Once I got the underwear out of the way, he grabbed my foot again! He did this a few times, first touching me with one arm, then quickly latching onto me with several arms and pulling my foot towards him.

Again, I was shocked by this behavior. I was also surprised how strong this little octopus was and how weird his suckers felt on my foot! I knew that octopuses have a beak in the middle of all those arms, so I was afraid that he could bite me. I backed up whenever he grabbed me, then he backed up too, but he didn’t swim away from me for a while! I hung out with him for almost hour before he swam away!

The Next Few Days

I came back to this bay the next day to see if I could find him, but I only found jellyfish :(.

On day 3, there were even more jellyfish! I went into the water anyway and looked around for him, but there was no sign.

I had to skip day 4, but I came back to the bay with some friends on day 5.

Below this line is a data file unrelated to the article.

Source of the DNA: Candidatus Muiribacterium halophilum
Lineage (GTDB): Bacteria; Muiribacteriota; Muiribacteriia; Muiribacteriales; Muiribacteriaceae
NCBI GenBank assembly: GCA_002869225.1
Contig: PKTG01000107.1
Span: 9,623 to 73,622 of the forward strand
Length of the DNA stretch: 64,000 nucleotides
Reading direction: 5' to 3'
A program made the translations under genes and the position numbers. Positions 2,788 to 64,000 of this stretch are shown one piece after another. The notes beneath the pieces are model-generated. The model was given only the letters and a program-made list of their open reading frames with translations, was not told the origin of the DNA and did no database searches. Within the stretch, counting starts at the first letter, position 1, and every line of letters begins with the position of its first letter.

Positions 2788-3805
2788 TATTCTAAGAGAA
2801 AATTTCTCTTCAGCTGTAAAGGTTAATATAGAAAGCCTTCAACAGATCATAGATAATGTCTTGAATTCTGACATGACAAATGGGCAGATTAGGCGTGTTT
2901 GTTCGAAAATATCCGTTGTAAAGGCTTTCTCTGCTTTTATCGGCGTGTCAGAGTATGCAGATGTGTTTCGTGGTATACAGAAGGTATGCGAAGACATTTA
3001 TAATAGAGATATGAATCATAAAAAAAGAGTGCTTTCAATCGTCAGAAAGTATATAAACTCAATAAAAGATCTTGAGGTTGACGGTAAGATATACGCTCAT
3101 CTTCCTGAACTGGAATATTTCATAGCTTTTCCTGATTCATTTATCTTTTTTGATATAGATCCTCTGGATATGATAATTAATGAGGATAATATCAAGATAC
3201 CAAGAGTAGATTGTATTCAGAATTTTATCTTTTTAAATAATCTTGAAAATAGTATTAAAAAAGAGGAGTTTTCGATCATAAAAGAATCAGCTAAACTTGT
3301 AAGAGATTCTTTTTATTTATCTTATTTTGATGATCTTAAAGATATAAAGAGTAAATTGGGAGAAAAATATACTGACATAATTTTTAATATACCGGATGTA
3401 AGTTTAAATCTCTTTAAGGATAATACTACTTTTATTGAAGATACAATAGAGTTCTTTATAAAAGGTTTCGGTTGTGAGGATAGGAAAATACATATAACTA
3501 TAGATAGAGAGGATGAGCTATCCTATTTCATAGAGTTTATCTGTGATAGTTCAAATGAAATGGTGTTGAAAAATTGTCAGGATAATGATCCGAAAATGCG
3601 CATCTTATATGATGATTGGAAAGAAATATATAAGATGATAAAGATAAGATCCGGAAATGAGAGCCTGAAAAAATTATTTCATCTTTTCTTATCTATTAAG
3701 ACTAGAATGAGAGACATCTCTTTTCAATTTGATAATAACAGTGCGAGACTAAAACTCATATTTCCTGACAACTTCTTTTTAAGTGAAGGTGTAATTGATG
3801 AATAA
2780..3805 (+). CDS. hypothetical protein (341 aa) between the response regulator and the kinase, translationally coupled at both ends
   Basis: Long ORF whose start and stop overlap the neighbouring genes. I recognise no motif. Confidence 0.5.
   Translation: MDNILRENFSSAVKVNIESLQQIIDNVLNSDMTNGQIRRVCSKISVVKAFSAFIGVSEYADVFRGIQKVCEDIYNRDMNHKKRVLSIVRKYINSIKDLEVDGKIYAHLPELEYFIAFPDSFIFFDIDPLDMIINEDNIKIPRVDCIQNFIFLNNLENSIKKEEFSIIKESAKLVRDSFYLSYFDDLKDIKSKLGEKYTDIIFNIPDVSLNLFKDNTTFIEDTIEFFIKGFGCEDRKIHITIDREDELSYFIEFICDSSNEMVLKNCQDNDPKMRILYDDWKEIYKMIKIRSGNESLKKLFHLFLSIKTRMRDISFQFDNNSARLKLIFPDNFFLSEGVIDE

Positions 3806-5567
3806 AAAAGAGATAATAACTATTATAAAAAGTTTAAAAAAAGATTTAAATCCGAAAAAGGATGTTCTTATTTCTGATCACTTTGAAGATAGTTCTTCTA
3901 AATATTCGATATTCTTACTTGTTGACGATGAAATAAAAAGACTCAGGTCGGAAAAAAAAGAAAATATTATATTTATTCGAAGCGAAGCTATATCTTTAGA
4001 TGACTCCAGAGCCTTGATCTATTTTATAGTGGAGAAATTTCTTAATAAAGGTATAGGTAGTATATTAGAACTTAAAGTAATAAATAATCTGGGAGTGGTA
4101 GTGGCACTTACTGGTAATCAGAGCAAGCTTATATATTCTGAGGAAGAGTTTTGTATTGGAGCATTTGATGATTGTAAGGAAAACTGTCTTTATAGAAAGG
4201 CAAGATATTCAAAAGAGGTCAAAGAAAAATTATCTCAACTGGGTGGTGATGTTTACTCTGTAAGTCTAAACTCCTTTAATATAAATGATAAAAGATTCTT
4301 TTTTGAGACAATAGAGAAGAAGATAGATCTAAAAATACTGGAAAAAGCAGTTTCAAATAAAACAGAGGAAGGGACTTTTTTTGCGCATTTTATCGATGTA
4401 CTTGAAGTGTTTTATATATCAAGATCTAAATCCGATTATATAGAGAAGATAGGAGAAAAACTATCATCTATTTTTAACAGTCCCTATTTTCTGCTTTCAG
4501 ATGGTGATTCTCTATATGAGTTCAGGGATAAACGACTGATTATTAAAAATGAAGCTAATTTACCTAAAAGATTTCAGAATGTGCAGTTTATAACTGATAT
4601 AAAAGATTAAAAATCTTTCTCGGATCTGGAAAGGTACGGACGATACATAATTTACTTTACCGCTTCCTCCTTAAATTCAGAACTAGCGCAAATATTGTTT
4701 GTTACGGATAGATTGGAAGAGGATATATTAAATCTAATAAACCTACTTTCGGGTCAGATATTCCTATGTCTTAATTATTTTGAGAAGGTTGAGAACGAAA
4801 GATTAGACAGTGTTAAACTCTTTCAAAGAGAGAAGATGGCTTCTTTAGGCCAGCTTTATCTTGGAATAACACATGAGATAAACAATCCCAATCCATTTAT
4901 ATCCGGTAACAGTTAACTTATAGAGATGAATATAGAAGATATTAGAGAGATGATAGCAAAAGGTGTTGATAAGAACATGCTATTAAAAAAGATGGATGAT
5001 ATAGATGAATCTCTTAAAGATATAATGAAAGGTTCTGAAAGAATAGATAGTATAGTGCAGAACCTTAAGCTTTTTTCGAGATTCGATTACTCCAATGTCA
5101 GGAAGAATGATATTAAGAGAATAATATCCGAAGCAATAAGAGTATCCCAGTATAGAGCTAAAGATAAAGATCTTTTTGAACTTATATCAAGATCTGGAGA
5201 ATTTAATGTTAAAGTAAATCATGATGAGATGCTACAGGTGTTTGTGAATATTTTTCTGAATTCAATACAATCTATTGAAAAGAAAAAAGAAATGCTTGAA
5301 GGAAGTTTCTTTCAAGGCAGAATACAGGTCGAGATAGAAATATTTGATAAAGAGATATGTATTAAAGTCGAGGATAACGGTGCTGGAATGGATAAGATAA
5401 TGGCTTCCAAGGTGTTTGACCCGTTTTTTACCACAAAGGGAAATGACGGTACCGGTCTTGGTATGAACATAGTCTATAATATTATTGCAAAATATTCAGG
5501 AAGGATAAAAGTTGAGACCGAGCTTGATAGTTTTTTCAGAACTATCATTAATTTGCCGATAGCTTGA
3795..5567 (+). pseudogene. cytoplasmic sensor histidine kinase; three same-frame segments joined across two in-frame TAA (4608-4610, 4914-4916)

Surprisingly, I spotted him straight away! The water was calm and crystal clear again, the jellyfish were gone, and the octopus was sitting in a very shallow spot right next to the shore.

He seemed to notice us too. We stared at each other for a few minutes, then I moved away to put my backpack down on a rock. As I moved away, he leaped towards me, almost out of the water!

After this, I put my foot into the water and he pretty quickly started feeling it up again! He also grabbed onto my friend Georgie’s foot, but he didn’t seem to like Tio’s foot :).

We interacted with the octopus for a while, then we noticed two more octopuses in the same shallow bay! Both of the other octopuses were redder and a little smaller than our friend.

Once our octopus noticed the other octopuses, he swam towards them, then they stared each other down from behind two rocks.